3. Plywood– This is one where I get the most flack. I’m one of a dying breed that still believes in tiling directly over plywood. However, I can very well understand the reluctance of the industry to embrace this installation method, even though the TCNA DOES approve of its use for interior installations (Those with a handbook can check Method F-149). The reason I say that is it’s a very “temperamental" installation method. You need to be very familiar with what you’re doing, or you risk failure. There are even many pros I wouldn’t trust to tile using this method. Everything you do is important, from the species of plywood used, to the direction the grain is laid with relation to the joists, to how it’s gapped, and a host of other specs, as well– many of which won’t be found in the handbook, and if you miss just one of them, you’re flirting with disaster. All in all, when people ask me about it, I tell them that with the membranes available, there’s no need to go directly over plywood. There are other methods that will give you just as long lasting a floor, and aren’t NEARLY as sensitive. For those who still want to tile directly over plywood, though, Here are the specs. Shortcut anyone of the specs I'm about to give you, and you can kiss that floor good-bye:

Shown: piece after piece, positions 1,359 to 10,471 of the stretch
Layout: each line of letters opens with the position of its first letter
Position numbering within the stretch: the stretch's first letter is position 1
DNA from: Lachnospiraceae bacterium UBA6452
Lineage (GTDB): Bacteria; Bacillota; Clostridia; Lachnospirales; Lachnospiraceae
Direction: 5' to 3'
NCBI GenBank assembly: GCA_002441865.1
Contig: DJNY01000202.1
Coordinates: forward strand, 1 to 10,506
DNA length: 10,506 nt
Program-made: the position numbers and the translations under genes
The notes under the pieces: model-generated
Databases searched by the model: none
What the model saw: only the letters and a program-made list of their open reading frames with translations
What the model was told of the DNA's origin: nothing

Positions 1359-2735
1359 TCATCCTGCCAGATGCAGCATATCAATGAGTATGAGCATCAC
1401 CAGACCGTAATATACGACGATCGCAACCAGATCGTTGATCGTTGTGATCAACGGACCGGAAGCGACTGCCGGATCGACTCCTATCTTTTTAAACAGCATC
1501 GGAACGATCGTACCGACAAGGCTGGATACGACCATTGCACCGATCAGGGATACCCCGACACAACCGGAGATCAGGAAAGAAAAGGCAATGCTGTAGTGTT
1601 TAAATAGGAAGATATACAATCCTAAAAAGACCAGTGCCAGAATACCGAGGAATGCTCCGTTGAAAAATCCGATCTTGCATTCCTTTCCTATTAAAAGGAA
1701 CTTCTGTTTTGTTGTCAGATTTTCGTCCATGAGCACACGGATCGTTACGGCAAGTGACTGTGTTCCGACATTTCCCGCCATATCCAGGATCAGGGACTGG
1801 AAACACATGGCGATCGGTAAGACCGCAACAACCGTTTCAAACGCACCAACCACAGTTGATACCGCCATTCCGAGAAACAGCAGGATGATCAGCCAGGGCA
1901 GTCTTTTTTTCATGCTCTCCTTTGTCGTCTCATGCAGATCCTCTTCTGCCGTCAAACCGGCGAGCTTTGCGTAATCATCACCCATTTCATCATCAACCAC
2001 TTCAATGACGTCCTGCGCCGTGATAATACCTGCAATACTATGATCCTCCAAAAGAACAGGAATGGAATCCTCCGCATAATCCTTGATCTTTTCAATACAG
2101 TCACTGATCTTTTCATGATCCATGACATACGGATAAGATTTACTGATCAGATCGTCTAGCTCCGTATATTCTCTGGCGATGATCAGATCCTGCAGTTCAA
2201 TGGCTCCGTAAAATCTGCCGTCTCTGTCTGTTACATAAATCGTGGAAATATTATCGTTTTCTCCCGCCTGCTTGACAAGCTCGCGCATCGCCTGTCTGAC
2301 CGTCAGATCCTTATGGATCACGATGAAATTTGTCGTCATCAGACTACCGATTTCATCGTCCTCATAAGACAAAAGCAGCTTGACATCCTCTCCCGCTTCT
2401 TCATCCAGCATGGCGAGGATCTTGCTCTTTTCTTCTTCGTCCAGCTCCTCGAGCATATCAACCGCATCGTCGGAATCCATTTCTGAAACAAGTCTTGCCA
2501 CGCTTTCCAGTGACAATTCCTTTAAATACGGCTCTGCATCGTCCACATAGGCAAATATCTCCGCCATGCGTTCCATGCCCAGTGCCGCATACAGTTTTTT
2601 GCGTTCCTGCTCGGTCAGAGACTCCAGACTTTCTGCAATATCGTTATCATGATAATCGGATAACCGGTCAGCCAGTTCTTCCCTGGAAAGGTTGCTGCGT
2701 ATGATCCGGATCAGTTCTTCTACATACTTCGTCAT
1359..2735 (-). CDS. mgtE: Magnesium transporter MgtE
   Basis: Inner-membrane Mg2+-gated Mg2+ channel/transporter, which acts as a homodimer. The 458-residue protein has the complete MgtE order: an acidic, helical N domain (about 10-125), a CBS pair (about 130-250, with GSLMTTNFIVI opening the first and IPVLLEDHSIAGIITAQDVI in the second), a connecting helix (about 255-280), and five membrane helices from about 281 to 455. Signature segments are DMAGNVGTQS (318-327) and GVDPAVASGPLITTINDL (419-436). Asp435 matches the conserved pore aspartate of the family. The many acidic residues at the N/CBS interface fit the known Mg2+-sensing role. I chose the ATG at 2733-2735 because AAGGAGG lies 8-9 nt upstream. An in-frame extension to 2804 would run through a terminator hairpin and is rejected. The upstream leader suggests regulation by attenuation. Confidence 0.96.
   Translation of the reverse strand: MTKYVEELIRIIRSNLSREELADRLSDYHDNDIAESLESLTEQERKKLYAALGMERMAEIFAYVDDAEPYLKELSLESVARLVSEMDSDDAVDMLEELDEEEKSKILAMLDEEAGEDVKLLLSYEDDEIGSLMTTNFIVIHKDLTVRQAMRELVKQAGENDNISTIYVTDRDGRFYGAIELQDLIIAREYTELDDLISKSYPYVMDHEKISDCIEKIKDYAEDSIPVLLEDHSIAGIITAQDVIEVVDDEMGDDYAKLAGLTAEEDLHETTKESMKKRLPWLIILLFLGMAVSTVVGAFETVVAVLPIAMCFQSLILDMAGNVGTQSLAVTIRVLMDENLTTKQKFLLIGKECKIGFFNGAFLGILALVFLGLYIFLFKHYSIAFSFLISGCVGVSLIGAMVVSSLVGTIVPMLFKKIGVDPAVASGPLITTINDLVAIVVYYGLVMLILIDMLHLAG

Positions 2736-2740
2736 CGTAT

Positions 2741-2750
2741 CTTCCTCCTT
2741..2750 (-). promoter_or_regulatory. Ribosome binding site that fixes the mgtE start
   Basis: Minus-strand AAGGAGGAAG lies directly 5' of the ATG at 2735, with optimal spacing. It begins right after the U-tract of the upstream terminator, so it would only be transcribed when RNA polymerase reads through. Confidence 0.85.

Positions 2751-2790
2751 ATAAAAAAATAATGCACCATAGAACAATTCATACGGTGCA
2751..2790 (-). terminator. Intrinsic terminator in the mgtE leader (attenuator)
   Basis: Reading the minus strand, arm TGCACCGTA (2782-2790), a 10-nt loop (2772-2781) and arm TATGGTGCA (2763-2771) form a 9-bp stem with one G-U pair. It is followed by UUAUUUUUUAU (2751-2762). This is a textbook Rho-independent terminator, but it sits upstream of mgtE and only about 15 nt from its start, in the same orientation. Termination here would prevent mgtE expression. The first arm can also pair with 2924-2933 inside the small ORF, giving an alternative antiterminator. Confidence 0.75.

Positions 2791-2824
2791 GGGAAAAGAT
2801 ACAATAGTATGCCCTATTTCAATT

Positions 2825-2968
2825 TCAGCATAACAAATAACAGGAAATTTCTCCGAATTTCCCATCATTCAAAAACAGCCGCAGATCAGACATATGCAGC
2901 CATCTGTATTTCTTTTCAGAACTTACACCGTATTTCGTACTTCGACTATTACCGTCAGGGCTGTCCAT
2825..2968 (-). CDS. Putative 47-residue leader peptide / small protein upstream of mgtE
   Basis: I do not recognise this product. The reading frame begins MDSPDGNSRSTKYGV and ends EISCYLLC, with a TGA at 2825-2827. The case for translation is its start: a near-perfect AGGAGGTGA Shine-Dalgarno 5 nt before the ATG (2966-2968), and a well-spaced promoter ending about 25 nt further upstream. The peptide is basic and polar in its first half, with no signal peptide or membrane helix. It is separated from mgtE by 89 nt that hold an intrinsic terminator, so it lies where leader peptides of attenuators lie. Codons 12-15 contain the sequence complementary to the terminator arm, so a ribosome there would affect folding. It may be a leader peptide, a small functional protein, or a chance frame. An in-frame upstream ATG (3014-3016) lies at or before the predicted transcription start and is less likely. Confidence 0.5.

There needs to be two layers of plywood, the top layer being spruce or fir (preferably fir), exterior grade BCX or better. The layers need to be screwed (spec calls for every 6" along the edges, and 8" in the field-- I go every 6" throughout, ONLY into the bottom layer-- NOT into the joists) BUT NOT GLUED. When laying the second layer of plywood in, make sure the joints of the top layer fall at the 1/4 and 3/4 mark from the layer underneath. You don't want the joints in the two layers to be any closer than necessary. Also, when laying them in, leave about a strong 1/16" between the sheets for expansion, and make sure you're laying it in with the grain going across the joists. Make sure, when screwing down the top layer, that you're going no further than the bottom layer of plywood. DO NOT drive the screws into the joists. This completely negates the effect of double layering the floor by transmitting the movement from the joists right to the top layer of plywood. Once it's all screwed down, take any cheap latex caulk you can find, and caulk the joints between the sheets of plywood. The reason for this is those joints are for expansion, as I said before. Now you're going to go over the plywood with thinset. Sorta kinda defeats the purpose of gapping the plywood if you fill that joint up with thinset. That's ALL the caulking is there for-- to fill the joints with something that will remain pliable and at the same time, keep the thinset out. Last prep spec is that just like with cement board, you need to use a fiberglass mesh tape to bridge those joints . Easiest to use is the self sticking tape, and then just go over it with thinset when you set the tile. Last thing that's different and this is paramount-- the thinset. Just about ANY bag of modified thinset will tell you it can be used to go over plywood. DON'T BELIEVE EM!!!!! The ONLY thinset I'll trust is an UNmodified thinset, mixed with a liquid latex additive, full strength, such as Laticrete's 317 thinset mixed with their 333 additive, or Mapei's Kerabond thinset mixed with their Keralastic additive. The reason for this is it'll give you the highest latex content possible in a thinset, which does a couple of things for you. It's the strongest stuff you can find, and it's also the most pliable, so that it'll take the extra expansion and contraction that plywood goes through, as compared to cement board.